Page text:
light work but his condition is aggravated with work that is heavier than
light duty. Progress notes show that the claimant was returned to work at
full duty rather than light duty and his pain was worse. (Exhibit 4F/2) [(R.
The claimant’s allegations of disabling pain are not fully credible. At least
one doctor found that the claimant engaged in symptom magnification.
(Exhibit 8F) [(R. 348-49)]. Even though Dr. Munhall found the claimant to
be credible, it was because he determined the claimant had aggravated his
back doing work at an exertional level above light duty. (Exhibit 10F) [(R.
358-62)]. Further, he gave temporary restrictions that are generally
accommodated by this residual functional capacity. Updated progress notes
show that the claimant reported back pain with some pain/stiffness,
insomnia and fatigue but his physical examinations were otherwise negative
since his alleged onset of disability. (Exhibit 13F/3-10) [(R. 379-86)].
Physical examination showed tenderness, crepitation and reduced range of
motion, stability and strength in December 2007 but this was resolved by
his office visit the next month. (Exhibit13F/9-12) [(R. 385-88)]. In
addition, this was prior to the claimant’s alleged onset of disability.
Furthermore, the claimant testified that he was fired from his job as a home
health attendant. This indicates that the claimant did not leave due to back
pain. Furthermore, the claimant testified that he applied for and received 2
months of unemployment benefits. Receipt of unemployment benefits
presupposes an ability to perform full time work and is inconsistent with an
allegation of disability.
The court’s consideration of the regulatory legal standard articulated by the ALJ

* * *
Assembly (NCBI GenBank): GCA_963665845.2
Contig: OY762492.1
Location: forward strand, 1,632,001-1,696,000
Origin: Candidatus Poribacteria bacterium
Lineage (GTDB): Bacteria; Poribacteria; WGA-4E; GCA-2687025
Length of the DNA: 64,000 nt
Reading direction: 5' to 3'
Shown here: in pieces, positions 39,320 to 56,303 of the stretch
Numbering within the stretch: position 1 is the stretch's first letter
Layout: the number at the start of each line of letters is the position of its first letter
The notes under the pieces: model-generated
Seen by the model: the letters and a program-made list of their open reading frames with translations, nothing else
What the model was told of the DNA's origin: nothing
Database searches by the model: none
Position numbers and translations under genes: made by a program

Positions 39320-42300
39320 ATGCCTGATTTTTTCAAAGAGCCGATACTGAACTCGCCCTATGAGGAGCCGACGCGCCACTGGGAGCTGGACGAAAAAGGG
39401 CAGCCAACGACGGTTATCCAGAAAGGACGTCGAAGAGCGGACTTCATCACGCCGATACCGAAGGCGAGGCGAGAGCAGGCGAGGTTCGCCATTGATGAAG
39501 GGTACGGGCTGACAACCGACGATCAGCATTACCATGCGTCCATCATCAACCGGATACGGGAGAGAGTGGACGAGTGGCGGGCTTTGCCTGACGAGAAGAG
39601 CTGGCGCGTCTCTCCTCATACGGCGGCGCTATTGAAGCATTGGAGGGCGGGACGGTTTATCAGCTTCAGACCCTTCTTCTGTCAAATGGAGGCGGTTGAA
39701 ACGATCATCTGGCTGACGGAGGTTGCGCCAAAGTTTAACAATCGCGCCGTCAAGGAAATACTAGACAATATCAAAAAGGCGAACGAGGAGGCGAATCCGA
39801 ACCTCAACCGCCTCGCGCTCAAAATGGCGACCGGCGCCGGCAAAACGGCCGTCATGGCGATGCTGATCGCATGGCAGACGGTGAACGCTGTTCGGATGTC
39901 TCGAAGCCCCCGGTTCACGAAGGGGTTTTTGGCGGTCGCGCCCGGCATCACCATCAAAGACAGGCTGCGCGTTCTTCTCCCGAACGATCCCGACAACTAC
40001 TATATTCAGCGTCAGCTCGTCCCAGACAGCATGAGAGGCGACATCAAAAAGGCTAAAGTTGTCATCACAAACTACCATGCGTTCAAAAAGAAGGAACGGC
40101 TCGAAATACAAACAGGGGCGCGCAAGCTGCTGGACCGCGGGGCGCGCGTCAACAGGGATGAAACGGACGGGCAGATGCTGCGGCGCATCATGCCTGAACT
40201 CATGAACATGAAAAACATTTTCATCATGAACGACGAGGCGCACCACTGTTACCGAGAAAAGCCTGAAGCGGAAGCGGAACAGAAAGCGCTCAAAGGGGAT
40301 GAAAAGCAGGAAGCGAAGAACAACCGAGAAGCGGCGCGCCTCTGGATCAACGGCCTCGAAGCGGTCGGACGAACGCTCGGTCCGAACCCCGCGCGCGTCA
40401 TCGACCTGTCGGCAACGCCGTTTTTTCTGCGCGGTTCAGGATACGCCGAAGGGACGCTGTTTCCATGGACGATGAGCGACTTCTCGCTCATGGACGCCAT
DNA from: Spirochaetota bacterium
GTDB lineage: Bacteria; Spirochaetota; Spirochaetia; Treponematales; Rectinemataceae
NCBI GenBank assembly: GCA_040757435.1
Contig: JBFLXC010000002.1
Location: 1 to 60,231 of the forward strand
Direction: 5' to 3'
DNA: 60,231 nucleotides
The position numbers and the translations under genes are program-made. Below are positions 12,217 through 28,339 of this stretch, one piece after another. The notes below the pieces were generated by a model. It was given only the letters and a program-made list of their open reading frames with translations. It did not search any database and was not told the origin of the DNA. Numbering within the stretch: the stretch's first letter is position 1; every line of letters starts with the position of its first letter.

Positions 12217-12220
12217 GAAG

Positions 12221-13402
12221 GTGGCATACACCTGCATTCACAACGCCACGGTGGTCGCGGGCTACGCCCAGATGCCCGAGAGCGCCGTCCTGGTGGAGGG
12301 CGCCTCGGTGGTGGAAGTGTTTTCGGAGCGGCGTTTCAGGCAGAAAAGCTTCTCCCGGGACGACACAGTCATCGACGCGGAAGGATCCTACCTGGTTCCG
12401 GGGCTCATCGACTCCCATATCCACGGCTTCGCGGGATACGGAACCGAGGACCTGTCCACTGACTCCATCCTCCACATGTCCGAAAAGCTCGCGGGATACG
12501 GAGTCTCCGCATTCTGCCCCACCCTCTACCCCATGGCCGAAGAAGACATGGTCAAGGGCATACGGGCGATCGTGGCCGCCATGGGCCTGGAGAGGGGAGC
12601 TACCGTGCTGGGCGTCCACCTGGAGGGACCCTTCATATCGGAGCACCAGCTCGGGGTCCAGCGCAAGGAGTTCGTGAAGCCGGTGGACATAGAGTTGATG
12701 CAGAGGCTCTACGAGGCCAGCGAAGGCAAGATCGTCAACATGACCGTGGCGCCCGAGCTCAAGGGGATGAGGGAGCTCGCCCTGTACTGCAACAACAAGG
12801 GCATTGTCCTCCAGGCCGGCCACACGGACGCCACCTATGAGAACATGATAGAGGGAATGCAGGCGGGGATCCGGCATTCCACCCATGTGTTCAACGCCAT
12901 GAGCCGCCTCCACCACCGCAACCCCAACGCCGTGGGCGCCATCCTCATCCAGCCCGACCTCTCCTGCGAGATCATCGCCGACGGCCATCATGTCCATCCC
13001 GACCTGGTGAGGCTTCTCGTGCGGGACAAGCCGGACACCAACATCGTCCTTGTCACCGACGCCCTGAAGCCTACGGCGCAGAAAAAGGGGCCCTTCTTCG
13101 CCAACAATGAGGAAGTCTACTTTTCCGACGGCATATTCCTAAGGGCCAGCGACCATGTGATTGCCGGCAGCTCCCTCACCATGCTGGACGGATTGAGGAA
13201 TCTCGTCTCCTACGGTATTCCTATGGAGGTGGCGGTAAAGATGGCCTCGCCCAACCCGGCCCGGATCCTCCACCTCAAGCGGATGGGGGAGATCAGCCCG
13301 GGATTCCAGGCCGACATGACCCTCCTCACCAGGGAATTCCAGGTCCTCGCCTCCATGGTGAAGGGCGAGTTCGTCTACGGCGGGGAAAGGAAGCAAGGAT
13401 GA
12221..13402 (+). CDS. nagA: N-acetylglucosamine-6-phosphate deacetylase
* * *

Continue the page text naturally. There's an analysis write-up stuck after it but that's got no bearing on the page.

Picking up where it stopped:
reveals that it is equivalent to the standard articulated by the Tenth Circuit in Luna v.
Bowen, 834 F.2d 161 (10th Cir. 1987); see also Thompson, 987 F.2d at 1488 (relating the
three-step Luna framework: (1) whether plaintiff has shown an impairment by objective
medical evidence; (2) if so, whether there is a “loose nexus” between the impairment and
the subjective allegations of symptoms; and (3) if so, whether, considering all the
evidence, both objective and subjective, the symptoms are in fact disabling). Although
the ALJ stated the standard in two steps ((1) if plaintiff has an impairment that could
reasonably be expected to produce plaintiff’s symptoms, (2) the ALJ must consider the
entire case record to determine the credibility of plaintiff’s allegations), that standard
equates to the Luna framework because step one in the regulatory framework articulated
by the ALJ subsumes steps one and two of the Luna framework, and step two of the
regulatory framework equates to step three of the Luna framework.
Plaintiff’s claim that certain factors are required to be considered and some
minimal commentary thereon articulated in the ALJ’s credibility determination